Interesting response = thank you. Yes, I did work hard on my WP sites – but have managed to automate quite a bit of the work. Perhaps for the people who self-host and are not tech-savvy, a “managed” self-hosted blog could become one option? Like, for example: Let’s say you want a VPS – but you don’t want to go through the pain of all that installation and securing it. So, you could get a “managed VPS” for maybe double what you are paying for an “unmanaged VPS.”

      There are CMS management services available – perhaps I should have mentioned those. I will perhaps do a late 2013 self-hosted WP blog later this year. You brought up many great points & I appreciate it. If you have more ideas, please post back 🙂

      Thanks again,

  • Bryant Bell  says:

    Excellent post! Thanks for sharing very informative and useful information. I personally built a blog and learnt from an online tutorial. For any novice like myself I would like to share an online tutorial which is very instructive. Give http://www.simplewebsitetutorials.com look, where they give guidelines about WordPress blog creation.

  • Andrew Fielden  says:

    An excellent piece, very constructive and spot on. It never ceases to amaze me how little attention people pay to these issues, even people who should know better. I have a contact who is running a multi million dollar business via a self hosted wordpress site, it is an SEO related paid info site so they are at least vaguely tech aware. The other week he had an issue with his host who had issues with the server it was running on and wanted to know if there was anything I could do. The response to send me the backup was ‘what backup’!!!!!!!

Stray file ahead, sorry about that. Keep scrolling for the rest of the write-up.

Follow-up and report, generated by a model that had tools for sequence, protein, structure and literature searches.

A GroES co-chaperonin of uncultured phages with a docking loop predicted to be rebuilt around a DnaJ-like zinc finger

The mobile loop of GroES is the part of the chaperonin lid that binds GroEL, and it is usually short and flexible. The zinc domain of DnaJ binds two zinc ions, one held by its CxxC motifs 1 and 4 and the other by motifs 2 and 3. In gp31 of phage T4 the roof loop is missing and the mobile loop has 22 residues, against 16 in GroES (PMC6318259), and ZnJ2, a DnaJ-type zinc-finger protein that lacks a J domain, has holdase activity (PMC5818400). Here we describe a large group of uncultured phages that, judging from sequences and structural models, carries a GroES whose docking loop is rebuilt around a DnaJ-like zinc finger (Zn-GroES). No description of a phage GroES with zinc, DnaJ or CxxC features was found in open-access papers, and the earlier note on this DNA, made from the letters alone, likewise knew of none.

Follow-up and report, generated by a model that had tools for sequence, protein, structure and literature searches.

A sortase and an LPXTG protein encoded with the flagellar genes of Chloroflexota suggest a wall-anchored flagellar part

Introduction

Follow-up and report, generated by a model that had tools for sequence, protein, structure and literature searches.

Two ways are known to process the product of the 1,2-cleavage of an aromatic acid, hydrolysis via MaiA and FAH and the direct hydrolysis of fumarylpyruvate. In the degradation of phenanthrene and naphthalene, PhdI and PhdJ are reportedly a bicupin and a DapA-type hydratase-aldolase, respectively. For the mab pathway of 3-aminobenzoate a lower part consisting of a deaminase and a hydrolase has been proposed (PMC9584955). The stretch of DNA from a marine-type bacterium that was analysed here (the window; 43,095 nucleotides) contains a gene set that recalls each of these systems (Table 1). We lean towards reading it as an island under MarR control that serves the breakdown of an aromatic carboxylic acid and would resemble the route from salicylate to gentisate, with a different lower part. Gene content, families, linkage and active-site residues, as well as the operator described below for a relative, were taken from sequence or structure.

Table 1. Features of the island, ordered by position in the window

I personally think that something like a backup should be an default include in wordpress, even if you turn it off at least it would make you think, well maybe….

    • teksquisite  says:

      Thanks Andrew! I agree with the back-up issue. Too may companies do not take that seriously. With all the resources that are available to automate this process -WP Plugins: BackWPUp, WP-DB, BackUpWordpress, WP Online, etc, I can’t imagine anyone who would not backup! There is also http://vaultpress.com/ if configuring your own back-up is not feasible 🙂